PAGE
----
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#1 Caps



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Posted 10 January 2015 - 04:57 AM

Has anyone done much research on the topic of Hyperborea?

In Greek Mythology it was supposed to be a paradise land of perpetual daytime that was the home of a kingdom of gods or half-gods (children of the deity Boreas) who were giants. One of the tasks of Herakles was to retrieve antlers from Hyperborea. There is a lot of speculation about what it meant, and most mythology is based in fact that was passed down and changed over the course of generations. I like the idea that the inhabitants of Northern Europe during the times of Greek legend (presumably Celts) were considered the Hyperboreans by the Greeks. There is also the thought that at the most extreme point of the Arctic Circle, the geographic pole, the sun only rises and sets once per year, so the myth could be perceived as those who live there who live 10,000 days would live 10,000 years.

There is also some theories about it being the "Garden of Eden" or "Atlantis" of even earlier times. (personally I have started leaning toward Antarctica for this, but that's a different topic.) A lost island or civilization of nonhumans that waned away as mortals became out of touch with the gods of old.

"It is the still and silent sea that drowns a man." - Old Norse proverb

"It is better to be a warrior in a garden than a gardener in a war."

#2 Guest_monsnoleedra_*

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Posted 10 January 2015 - 10:20 AM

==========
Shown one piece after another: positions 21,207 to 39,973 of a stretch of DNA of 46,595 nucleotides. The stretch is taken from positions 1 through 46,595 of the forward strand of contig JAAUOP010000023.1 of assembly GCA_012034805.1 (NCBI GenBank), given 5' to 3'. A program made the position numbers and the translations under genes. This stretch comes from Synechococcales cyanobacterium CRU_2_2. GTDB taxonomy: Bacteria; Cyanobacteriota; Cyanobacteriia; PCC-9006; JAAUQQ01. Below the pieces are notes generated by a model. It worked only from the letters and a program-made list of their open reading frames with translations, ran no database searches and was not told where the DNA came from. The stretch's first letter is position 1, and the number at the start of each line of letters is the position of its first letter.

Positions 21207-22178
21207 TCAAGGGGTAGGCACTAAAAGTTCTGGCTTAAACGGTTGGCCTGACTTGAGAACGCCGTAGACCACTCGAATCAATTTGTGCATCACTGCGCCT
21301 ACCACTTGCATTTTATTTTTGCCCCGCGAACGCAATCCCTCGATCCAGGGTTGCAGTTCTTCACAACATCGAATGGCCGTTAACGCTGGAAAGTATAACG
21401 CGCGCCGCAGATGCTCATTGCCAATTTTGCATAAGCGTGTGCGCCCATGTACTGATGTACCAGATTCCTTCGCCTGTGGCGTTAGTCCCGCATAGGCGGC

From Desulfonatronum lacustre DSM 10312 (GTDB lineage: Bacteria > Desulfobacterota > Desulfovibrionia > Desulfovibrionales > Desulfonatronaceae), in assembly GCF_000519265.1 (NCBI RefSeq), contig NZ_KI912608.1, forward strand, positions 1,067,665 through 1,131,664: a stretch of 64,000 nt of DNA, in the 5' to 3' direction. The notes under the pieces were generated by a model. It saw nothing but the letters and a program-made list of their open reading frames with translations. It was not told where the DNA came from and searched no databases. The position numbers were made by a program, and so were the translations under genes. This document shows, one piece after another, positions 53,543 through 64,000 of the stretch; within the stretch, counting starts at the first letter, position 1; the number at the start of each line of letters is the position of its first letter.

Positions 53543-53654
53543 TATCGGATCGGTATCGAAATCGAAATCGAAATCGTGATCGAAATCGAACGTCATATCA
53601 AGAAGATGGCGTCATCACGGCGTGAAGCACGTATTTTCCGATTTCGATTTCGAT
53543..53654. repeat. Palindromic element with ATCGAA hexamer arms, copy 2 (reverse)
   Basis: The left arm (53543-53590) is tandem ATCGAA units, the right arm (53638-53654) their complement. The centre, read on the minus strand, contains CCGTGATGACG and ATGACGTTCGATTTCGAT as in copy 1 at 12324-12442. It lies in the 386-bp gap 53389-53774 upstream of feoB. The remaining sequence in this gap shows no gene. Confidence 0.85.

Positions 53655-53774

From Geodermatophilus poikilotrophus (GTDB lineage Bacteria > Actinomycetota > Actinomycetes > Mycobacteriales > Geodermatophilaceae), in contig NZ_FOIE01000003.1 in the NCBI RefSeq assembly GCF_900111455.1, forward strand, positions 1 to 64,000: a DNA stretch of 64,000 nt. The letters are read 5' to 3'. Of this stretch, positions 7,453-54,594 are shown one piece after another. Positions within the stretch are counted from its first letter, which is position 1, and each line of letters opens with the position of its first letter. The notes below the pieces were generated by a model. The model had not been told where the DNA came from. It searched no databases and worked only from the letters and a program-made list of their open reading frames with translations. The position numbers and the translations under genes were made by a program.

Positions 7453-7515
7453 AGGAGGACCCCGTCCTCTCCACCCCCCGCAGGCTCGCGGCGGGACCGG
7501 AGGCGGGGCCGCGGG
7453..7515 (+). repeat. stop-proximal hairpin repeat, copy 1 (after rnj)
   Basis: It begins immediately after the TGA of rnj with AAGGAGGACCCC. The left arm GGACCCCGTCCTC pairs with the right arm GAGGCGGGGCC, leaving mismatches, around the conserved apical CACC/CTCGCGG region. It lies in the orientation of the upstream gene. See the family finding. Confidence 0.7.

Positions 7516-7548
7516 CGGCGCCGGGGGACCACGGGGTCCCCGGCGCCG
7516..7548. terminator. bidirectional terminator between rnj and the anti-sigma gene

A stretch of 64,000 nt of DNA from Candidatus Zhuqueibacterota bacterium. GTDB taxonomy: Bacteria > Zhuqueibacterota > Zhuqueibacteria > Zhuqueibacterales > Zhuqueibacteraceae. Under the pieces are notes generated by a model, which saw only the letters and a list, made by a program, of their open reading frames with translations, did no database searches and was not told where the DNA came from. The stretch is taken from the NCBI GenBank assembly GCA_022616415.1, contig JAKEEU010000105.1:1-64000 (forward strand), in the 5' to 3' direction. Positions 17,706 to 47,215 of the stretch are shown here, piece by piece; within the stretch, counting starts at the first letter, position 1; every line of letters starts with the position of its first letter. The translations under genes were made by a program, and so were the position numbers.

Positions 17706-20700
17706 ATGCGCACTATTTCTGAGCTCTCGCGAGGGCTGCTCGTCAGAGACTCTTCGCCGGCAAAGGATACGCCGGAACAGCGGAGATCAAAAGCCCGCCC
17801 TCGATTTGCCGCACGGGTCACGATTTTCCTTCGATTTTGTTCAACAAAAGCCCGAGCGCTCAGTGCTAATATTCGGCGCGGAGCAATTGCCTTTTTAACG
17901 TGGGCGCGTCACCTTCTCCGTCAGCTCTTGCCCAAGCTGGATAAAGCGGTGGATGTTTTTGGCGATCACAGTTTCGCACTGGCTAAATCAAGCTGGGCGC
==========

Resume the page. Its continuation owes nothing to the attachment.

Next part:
I think it was Apollo who was supposed to go there frequently. been awhile since I did my research into it though I recall there have been a lot of speculated places it could have been. Do not recall Atlantis though as that laid West of the pillars of Hercules in the Atlantic according to one theory or the Isle of that was destroyed, Thera or Santorini in other speculative lore. I do vaguely recall that the legend of Shangri la is occasionally equated to Hyperboria as well which would place at the top of the world though in Asia. A whole different mythology for sure but fits the above the land of snow and ice where peace rains supreme and people live forever.
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#3 Christine


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Posted 10 January 2015 - 10:27 PM

Actually it's funny you should bring it up, Caps, because I have spent this winter mildly obsessed with reading up on Doggerland, Finnoscandia, and all the rest of the Ice Age lands that have drowned. I really do think that Hyperborea was one of those lost lands. They must have been very nice places to live for the most part, especially old Shetland with its high culture.
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